When you slice open a head of red cabbage, the result is a beautiful, fine striation of red and white. The colour, however, is deceptive. It is confined to the ?skin? of each leaf and does not penetrate to the cells below, which remain white.
The exact hue also varies ? some red cabbages are a very bright reddish-purple, while others seem to have a blue tint to them, depending on the pH of the soil upon which they are grown. On acidic soils, the colour of cabbages is more red, while on the alkaline soils cabbages will be more blue.
The juice of the red cabbage can also be used to make a pH indicator. When cooked, red cabbage turns blue ? unless some acid or acidic fruit is added to the mix, when the colour turns a magnificent royal purple, which seems to suit its rich flavour.
A member of the Brassica family, the red cabbage falls under the Brassica oleracea species, which includes many of the other hard-headed cabbages, such as the white cabbage and the savoy cabbage. The name ?cabbage? actually comes from the old French caboche, meaning ?head?.
The introduction of cabbages to Europe is generally attributed to the Romans, but, given the wide variety of Celtic names ? kohl in German, chou in French, kopi in Hindi, and many others relating to the Celtic cap or kap, meaning head ? it seems likely that the Celts may have been the ones responsible for the spread of this staple vegetable.
Red cabbage was first described in England in 1570, but it is thought to have been grown there since the Middle Ages. The Frenchman Jacques Cartier introduced it to Canada on his third trip, as early as 1541, and doubtless it became as popular there as it was in north-western Europe, though there is no written record of it until 1669.
Red cabbage was especially popular in north-western Europe, as it survived the winter far better than ordinary white cabbage, which must be made into sauerkraut if it is to be of any nutritional value. Until the 19th century, the poor red cabbage was rarely cooked in any other way than pickling, which not only stripped the vegetable of its vitamin benefits, but also of any taste it may have had.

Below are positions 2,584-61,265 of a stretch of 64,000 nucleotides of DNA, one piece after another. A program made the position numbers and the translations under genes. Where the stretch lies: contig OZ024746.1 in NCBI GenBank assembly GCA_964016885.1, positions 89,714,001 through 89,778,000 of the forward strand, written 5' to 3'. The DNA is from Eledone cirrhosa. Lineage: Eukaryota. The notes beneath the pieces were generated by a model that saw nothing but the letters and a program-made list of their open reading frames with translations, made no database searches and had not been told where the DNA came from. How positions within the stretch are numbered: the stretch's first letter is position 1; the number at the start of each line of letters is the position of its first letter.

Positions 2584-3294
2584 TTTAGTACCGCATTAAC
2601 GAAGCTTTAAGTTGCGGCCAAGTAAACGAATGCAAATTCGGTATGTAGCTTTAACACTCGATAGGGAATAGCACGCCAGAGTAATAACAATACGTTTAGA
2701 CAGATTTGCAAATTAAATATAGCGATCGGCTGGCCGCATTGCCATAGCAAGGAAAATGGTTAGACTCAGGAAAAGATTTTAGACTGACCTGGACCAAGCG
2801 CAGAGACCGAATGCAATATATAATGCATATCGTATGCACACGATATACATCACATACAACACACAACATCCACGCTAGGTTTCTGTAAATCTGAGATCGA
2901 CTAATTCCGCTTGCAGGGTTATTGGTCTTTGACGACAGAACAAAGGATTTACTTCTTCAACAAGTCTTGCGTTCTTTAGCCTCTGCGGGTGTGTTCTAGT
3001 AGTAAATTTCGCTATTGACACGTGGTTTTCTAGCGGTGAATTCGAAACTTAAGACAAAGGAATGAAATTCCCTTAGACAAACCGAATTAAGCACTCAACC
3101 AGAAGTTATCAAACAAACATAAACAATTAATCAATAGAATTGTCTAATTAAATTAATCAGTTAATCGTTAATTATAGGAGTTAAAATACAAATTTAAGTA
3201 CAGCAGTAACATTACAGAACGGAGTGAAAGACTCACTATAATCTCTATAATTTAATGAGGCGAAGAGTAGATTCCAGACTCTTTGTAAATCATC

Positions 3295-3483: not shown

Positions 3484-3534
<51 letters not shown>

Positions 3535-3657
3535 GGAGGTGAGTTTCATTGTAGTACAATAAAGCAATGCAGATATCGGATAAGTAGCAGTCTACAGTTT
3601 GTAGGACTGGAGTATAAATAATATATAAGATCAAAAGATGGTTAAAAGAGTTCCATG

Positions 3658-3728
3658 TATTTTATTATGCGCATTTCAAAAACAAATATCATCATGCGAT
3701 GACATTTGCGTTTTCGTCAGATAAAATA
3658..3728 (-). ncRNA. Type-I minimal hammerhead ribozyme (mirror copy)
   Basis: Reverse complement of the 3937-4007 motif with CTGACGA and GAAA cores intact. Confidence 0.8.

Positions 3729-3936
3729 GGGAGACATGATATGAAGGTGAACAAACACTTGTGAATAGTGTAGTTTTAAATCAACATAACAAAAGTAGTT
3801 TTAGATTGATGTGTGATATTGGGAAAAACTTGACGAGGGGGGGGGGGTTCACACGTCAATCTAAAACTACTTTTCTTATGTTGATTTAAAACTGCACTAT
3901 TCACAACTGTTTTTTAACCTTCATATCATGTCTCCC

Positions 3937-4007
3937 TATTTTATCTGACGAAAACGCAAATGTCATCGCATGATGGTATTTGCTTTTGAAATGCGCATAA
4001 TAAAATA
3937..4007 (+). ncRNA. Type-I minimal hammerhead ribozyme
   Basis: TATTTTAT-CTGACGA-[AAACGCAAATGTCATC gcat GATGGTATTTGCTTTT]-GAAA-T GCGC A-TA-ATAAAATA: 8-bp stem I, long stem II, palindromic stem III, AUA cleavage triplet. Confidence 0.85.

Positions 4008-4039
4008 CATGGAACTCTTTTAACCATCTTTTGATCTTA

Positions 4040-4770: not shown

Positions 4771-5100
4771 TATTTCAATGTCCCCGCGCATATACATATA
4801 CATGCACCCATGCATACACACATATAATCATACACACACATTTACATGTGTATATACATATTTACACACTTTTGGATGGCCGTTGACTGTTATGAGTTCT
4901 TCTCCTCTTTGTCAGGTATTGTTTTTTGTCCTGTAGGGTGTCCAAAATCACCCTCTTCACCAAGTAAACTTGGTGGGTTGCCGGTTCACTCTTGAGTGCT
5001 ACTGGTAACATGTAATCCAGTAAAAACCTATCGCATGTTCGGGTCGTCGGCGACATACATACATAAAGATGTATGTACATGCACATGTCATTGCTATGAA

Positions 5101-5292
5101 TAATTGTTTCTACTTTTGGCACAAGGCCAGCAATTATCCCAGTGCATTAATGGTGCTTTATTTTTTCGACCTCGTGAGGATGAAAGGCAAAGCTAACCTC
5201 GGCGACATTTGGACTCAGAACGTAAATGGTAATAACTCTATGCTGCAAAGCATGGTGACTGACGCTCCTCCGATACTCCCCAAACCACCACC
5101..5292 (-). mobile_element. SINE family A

In central Europe, red cabbage has long been popular stewed and served with pork or game. Everyone has his or her own version of this recipe and the ingredients differ from place to place, as they do from family to family. We always eat stewed red cabbage with haze peper, as jugged hare is known in the Netherlands, and our recipe is made with onions, apples (both cooking and sweet), cloves, some brown sugar and butter. Other recipes I have experienced ? though none is as good as ours, of course ? included raisins, bits of ham or bacon, orange juice, vinegar and cinnamon.
Like all the brassicas ? which include Brussels sprouts, cauliflower and broccoli ? red cabbage is among the most beneficial of vegetables. All the brassicas contain nutrients that are known to help against cancer and heart disease. They are also rich in what is known as the ?beauty mineral?: sulphur. We all know what sulphur smells like, however, so perhaps it is sulphur that causes another after-effect of consuming red cabbage or any other member of the Brassica family: wind. It is easy enough to reduce this effect, however. Simply blanche the cabbage leaves ? or flowers in the case of broccoli and cauliflower ? in some boiling water for a minute and then drain and cook them as usual.
Red cabbage with chestnuts
This is a richer, more elaborate version of stewed red cabbage and is delicious with any game.
? 1 large onion ? 1 red cabbage
? cloves ? 2 cooking apples ? 1tbsp dark brown sugar ? 6oz chestnuts
? 2tbsp butter ? stock or water
1. Slice the onions, cabbage and apples and put all the ingredients into a heavy-based saucepan.
2. Simmer for an hour or so, until the cabbage and chestnuts are cooked.
Red cabbage coleslaw
This adds a dash of colour to an otherwise rather pale winter salad ? the lemon juice prevents everything turning blue. The name of coleslaw comes from the Dutch. ?Kool? means cabbage and ?sla? means salad?
? red cabbage ? carrots ? onions ? sugar ? lemon ? mayonnaise or vinaigrette
1. Thinly slice the vegetables and mix.
2. Sprinkle with sugar and lemon and dress with mayonnaise or vinaigrette.